Instead, organizations should focus on their existing needs, and how existing products meet those needs.

iPaaS Isn't Bad - But the Reports are Confusing


My biggest criticism of these reports is that they are confusing to people. Future and current capabilities are jumbled up; technology categories serving very different purposes are linked together, and the reports lack focus on helping people make decisions - based on what exists today.

They present a bewildering array of options (not all of which are available to organizations, many which will not be available for a long time) and then just leave people potentially hanging in a state of confusion.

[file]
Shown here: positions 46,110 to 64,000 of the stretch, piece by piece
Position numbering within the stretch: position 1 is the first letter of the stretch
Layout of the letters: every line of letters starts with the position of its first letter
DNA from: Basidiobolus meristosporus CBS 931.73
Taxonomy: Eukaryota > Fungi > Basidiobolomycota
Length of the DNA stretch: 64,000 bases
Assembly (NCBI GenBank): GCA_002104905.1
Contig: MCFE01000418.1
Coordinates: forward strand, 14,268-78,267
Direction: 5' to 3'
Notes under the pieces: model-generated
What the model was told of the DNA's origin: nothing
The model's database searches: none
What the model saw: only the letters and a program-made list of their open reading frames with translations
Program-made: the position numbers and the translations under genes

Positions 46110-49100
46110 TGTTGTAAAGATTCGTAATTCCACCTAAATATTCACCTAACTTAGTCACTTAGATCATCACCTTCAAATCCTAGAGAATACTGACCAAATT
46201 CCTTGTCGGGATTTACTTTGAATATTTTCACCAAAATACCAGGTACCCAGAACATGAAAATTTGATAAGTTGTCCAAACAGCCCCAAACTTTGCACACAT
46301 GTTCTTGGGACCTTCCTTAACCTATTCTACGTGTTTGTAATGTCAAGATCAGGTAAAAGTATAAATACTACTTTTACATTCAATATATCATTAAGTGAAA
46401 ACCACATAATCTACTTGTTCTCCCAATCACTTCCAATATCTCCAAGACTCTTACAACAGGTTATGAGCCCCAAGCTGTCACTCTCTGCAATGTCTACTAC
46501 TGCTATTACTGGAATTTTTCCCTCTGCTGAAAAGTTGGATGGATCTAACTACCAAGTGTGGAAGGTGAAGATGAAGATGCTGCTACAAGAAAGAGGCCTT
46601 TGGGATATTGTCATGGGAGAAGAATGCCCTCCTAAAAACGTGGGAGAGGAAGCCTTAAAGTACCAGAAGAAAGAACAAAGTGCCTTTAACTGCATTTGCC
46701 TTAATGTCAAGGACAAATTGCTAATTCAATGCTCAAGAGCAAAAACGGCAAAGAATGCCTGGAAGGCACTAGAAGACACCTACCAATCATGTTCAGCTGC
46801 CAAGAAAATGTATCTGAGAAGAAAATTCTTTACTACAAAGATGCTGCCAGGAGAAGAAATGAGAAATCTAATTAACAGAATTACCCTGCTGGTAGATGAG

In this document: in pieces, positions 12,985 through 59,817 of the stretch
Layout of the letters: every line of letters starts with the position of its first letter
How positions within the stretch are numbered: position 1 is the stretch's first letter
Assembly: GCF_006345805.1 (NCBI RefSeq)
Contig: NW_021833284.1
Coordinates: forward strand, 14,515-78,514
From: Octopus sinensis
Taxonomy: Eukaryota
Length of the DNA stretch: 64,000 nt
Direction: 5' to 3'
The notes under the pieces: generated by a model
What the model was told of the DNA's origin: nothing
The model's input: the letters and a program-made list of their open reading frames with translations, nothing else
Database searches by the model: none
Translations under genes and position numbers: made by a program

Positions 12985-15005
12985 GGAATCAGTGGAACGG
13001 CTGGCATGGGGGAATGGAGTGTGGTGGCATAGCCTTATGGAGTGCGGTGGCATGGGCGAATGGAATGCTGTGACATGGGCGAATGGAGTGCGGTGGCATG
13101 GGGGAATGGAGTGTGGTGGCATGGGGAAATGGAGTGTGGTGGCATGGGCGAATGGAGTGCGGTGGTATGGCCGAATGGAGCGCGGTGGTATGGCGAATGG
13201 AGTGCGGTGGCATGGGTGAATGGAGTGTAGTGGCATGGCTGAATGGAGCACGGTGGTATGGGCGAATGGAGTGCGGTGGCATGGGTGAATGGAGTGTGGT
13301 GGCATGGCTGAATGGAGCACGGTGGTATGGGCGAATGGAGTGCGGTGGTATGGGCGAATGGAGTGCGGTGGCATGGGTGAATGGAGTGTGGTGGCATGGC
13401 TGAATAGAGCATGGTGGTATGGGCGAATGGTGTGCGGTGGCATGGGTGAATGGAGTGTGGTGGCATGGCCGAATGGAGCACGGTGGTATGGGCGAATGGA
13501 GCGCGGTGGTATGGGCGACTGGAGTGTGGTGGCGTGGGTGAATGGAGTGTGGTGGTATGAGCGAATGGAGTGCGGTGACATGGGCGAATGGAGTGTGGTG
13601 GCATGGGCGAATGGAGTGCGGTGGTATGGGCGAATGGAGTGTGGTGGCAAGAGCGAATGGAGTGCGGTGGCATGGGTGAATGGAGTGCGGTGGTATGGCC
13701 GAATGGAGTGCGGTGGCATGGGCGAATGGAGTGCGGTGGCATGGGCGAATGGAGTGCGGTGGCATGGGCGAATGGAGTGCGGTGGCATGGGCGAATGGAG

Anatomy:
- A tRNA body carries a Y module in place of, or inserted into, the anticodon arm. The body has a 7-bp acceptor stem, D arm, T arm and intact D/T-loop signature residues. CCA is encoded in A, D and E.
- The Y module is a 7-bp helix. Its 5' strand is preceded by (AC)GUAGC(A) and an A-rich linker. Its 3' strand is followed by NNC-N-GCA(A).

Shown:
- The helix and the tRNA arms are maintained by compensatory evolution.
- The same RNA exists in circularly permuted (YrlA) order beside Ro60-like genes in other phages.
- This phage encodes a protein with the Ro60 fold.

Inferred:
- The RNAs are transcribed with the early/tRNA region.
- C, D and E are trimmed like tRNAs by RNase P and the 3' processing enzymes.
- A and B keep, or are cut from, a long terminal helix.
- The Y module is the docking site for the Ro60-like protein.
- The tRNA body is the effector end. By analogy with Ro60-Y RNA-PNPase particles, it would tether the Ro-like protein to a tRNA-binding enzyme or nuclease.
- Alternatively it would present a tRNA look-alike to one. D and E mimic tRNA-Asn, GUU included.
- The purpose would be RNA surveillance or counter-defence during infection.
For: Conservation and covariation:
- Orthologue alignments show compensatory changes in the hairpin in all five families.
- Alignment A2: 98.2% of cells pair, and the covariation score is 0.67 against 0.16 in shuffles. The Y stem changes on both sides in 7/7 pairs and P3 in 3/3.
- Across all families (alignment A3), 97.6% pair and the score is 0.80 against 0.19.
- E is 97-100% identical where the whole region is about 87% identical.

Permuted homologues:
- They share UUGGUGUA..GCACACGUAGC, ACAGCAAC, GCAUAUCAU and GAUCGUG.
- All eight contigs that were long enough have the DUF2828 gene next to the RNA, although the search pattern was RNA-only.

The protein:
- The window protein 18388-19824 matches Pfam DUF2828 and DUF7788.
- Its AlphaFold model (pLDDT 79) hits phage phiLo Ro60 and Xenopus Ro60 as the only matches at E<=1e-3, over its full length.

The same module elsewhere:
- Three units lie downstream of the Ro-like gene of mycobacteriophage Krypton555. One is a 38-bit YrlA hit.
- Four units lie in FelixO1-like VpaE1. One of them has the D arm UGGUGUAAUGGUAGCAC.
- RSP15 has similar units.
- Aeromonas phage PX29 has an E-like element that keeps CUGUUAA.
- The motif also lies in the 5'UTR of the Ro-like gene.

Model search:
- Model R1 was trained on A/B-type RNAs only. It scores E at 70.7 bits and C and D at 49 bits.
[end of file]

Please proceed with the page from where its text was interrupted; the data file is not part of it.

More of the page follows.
The purpose of my two previous articles on iPaaS: "Where Do I Buy Gartner Research's iPaaS? Cloud Integration Confusion", and "Damn the Gartner iPaaS, Full Speed Ahead on Cloud Integration" were to re-focus organizations back on the pragmatic topic of how to be successful with SaaS and Cloud Integration.

And to portray the Gartner iPaaS reports in what I consider to be (in my educated opinion) their proper light: a prediction for the future - not a roadmap of existing or even near-future technology.

The Latest iPaaS Report: Distributed iPaaS

In a similar light, the latest iPaaS report about "flexible deployment options" is interesting as a prediction of future possibilities.

It reviews how iPaaS stacks have the potential to be deployed on Public Clouds, or on Private Clouds. It also introduces two "hybrid" iPaaS models -

• one where development and management is done on the Public Cloud, but the actual "integration work" is done on a Private Cloud;